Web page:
c.    The ‘recommendations’ he makes were handed to him by Kenyan activists keen to attract donor funding and are therefore neither interested in truth nor accuracy.

There are a number of factors that militate against any attempt to take the report seriously.  First, the sweeping findings and generalization by the commission is astonishing.  The obsession with the police is also evident in the three areas that the Rapporteur elected to concentrate on.

a.    Alston provides not an iota of evidence on the alleged killings by Police. All he has are wild allegations by the said civil society groups.

b.    Accusations of torture allegations against the police and military are based on similar allegations. However, these areas are outside the mandate of the Special Rapporteur and fall within the mandate of the Special Rapporteur on torture, an established office with the same United Nations Office.

c.    The Post election violence which was not a case of extrajudicial killings. Police action was in reaction to widespread politically instigated violence. This was arguably outside the parameters of his mandate as a Special Rapporteur.

The report is largely a cheap and well rehearsed, anti-police statement and bends over backwards to ensure that the result is skewed against the Government’s law enforcement machinery.

This, it appears was the basis of including questionable mandates like the  case of Mt. Elgon operations against an internal aggressor in the form of the Sabaot Land Defence Force, and the events following the December 2007 general elections – these cannot , by any stretch of imagination and rational thought have be deemed to have been Police instigated. Yes, police are not in cut-throat competitive politics.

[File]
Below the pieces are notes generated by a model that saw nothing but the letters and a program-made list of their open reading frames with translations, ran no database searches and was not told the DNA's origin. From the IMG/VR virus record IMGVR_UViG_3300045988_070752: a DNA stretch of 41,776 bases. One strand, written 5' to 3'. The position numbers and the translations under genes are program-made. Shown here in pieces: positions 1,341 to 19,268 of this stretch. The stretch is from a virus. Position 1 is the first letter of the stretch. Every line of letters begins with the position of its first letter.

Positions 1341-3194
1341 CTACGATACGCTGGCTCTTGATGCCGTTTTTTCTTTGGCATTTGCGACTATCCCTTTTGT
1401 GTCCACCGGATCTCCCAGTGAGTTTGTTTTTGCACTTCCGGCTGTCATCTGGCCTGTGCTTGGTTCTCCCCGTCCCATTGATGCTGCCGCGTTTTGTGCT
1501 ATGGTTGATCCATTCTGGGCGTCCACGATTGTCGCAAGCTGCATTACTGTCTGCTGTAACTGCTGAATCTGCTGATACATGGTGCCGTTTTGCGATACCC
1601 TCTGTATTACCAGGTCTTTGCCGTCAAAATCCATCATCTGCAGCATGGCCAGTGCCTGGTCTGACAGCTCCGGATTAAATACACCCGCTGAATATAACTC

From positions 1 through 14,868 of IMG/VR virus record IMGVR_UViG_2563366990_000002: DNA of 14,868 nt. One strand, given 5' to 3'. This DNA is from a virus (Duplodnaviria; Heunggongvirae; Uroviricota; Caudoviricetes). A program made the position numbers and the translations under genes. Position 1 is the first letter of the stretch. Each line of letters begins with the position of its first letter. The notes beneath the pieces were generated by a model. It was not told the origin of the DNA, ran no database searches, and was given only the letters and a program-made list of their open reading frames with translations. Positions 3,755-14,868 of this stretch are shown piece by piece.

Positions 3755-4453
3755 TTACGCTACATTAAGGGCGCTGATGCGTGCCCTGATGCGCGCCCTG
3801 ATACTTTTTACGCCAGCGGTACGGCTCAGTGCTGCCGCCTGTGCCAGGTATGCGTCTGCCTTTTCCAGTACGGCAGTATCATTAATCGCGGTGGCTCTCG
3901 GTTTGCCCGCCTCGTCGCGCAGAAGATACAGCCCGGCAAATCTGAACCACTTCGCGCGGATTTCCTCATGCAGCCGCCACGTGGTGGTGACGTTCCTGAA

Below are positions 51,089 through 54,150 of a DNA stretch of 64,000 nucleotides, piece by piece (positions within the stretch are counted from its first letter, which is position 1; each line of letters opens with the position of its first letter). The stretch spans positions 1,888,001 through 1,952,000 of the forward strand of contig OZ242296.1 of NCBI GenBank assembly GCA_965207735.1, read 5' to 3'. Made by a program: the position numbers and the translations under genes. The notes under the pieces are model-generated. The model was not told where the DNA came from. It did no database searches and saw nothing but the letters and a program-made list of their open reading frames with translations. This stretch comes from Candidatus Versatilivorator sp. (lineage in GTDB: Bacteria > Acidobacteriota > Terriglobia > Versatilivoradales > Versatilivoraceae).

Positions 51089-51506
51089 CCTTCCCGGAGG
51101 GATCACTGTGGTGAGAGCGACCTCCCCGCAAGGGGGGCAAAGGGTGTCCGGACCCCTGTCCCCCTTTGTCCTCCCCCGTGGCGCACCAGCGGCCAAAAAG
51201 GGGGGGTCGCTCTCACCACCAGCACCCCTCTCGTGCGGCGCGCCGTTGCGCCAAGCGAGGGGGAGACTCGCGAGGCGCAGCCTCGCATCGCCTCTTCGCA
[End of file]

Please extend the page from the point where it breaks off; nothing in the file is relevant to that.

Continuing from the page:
In response to the various allegations made in the summary, the following issues have emerged. While the Rapporteur suggests that he interviewed Government officials and indeed falsified the people he actually met, his visits were extremely brief and hurried for reasons only he can explain. For instance, his deliberate decision to spend a mere one hour with the Commissioner of Police is adequate proof of ulterior motives.

Secondly, it can be proven that Alston did not interview “over 100 lengthy witnesses” as alleged, given that he did not even have time to even listen to the Director of CID. His entire report is fabricated and postulated entirely on the allegations of phantom witnesses supplemented by his own bias and prejudice. 

Additionally, Alston’s stated reliance on the Waki Report deliberately ignores Waki report’s own admission that the Commission did not find enough evidence. On Page 17, Waki explicitly states as follows:

“The evidence the Commission has gathered so far is not, in our assessment, sufficient to meet the threshold of proof required for criminal matters in this country: that is beyond reasonable doubt. It may even fall short of the proof required for international crimes against humanity.”
However, his continued insistence upon the existence of “death squads” is the same allegations carried by civil society organisations. His claim of an open-ended “squad” is a blatant falsehood.  A basic thorough investigation should have been able to provide information on its composition and location.

The allegation of lack of accountability is further evidence of the suppression and/or deliberate ignoring of information which was available and ignored by the Rapporteur citing a busy schedule. 

There have been over 600 disciplinary cases taken against Police Officers on the basis of complaints made, including the disposal of over two dozen cases related to killings by Police Officers.  Absolutely no mention of this is made by the special Rapporteur, calling into question the independence of the mission.

Even more disturbing is the fact that the Rapporteur did not bother to investigate the nature of Mungiki as a terrorist operation, its methods of operation, the infiltration and funding of certain civil society organisations. 

The allegations and generalisation of Police killings as being against “criminal gangs” is insulting to any objective audience to the extent that all of the allegations have in fact been made with regard to, and only on the allegations made regarding the said terrorist group.